Customer confidence in business is declining: 69% of customers do not trust ads and 71% do not trust social media sponsored ads, accordingly nationwide survey.
Customers trusted sellers and the ads guided them in their purchasing decisions. Not anymore: today we trust colleagues, friends, family and third-party reviewers.
At first, this may sound impossible, but certain practices may restore customers’ marked lack of trust in sales and marketing.
Let the seller hold
A business concept called vigilant buyer– “keep the buyer on guard” – notes that the buyer’s duty is to exercise due diligence. But it is seller responsibility –Keep the seller on guard, or “keep the seller on guard” – offer full disclosure to the buyer, without lying, concealing errors or making misleading or ambiguous statements.
The advertiser can easily tell half-truths and thus allow the customer to draw the wrong conclusions. But as the saying goes, “Half-truth is all wrong.” The seller has an obligation be honest and transparent. And if the seller is honest and transparent, sales and marketing will win the trust of customers.
Trust-based marketing: measuring your ROM
Is it possible to calculate your “marketing integrity return on investment” (ROMI) in terms of increased sales?
Integrity investments are difficult to monitor because many factors, such as product demand, distribution and competition, can confuse the calculation. But as Lynn Upshaw, a member of the Haas Business School’s Faculty of Marketing, says, ROMI gauges is worth it because they …
- Help you find out why customers stay loyal
- Learn new ways to attract new customers
- Develop competitive strategies
- Reduce costs
- Protection during a trademark equity check
The bottom line is that marketing integrity increases profitability.
Cost-effectiveness of full disclosure and the right attitude
At the beginning of 2020, I read about a specialty magazine that deals with ethical advertising. I was impressed by their values:
- Continuous monitoring of the relationship between advertising and content
- Ad materials are never presented as content – no ads
- No false or excessive claims
- No vague testimonials
- There are no negative references to competition
- Checking the Advertiser’s Reputation and Financial Stability
Ruthlessly verify the accuracy of your product claims and aggressively pursue trust-based marketing. Your customers will appreciate learning the truth without using exaggerations or disparaging competitors.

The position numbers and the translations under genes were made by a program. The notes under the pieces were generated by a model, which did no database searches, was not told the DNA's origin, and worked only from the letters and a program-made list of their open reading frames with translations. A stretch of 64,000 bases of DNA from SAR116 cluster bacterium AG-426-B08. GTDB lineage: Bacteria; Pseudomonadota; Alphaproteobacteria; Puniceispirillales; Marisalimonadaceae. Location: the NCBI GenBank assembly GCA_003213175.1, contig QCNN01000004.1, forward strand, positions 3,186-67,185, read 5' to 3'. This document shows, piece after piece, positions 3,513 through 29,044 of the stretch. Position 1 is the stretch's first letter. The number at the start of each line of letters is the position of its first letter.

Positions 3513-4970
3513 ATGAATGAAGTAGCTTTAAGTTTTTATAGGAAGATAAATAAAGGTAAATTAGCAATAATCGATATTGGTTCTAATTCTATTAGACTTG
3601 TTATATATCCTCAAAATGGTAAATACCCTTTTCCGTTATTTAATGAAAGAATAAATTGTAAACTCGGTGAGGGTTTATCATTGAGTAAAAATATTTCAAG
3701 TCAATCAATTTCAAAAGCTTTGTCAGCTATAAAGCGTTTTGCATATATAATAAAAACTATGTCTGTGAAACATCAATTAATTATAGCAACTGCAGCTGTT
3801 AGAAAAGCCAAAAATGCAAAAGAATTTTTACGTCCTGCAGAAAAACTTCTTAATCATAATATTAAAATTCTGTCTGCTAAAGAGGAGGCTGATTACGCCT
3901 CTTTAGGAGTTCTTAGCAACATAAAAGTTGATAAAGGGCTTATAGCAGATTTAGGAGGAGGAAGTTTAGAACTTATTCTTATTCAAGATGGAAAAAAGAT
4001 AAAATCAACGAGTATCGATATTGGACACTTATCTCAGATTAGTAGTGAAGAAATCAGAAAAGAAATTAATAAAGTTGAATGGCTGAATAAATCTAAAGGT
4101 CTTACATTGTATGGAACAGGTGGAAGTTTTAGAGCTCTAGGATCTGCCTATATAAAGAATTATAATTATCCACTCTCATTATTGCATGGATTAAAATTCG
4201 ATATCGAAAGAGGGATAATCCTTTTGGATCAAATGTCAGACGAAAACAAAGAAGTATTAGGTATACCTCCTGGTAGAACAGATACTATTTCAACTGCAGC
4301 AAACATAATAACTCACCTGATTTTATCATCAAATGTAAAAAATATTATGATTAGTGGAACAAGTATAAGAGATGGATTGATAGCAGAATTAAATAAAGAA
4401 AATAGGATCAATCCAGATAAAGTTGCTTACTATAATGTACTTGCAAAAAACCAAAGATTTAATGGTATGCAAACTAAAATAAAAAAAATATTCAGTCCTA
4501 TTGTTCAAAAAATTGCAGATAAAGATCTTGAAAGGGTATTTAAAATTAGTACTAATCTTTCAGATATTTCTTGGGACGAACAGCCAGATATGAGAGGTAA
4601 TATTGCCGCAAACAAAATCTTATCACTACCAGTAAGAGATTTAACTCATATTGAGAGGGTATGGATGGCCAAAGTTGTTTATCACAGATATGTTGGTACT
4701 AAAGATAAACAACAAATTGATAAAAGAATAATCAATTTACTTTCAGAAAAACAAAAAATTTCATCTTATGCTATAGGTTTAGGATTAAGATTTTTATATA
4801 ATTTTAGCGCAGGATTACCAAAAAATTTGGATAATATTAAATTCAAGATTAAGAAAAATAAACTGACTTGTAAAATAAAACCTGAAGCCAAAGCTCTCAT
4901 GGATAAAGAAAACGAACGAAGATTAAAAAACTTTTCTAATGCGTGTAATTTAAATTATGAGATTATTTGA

The importance of an honest picture
I remember the story of the importance of telling the truth without doing the facts. The wise teacher who set up the training center in New Jersey acquired a small building for this purpose. The walkway to the building was lined with trees, two on one side and three on the other.
A photo was taken of the building and the graphic designer found that the picture would look better if another tree was added to the road so that there were three trees on each side. An additional tree was added to the picture.
When the teacher saw the picture, he was disappointed and shouted, “This is not the real resemblance of this house!” He ordered the picture to be discarded and a new one made.
He declared, “I am building a school based on the principles of truth and honesty, so I do not want the establishment of this institution to have even a small trace of misrepresentation or dishonesty!”
That was over 75 years ago. More than 4,000 active students are currently studying in the dormitory and there are still five trees in front of it.
Honest advertising builds customer trust
If you practice sales and marketing thoughtfully, you can …
- Repeat the business
- Referral customers
- Larger and more profitable orders
Like Warren Buffett famously said about the companies“We can afford to lose money – even a lot of money. But we can’t afford to lose … even a fragmented reputation.”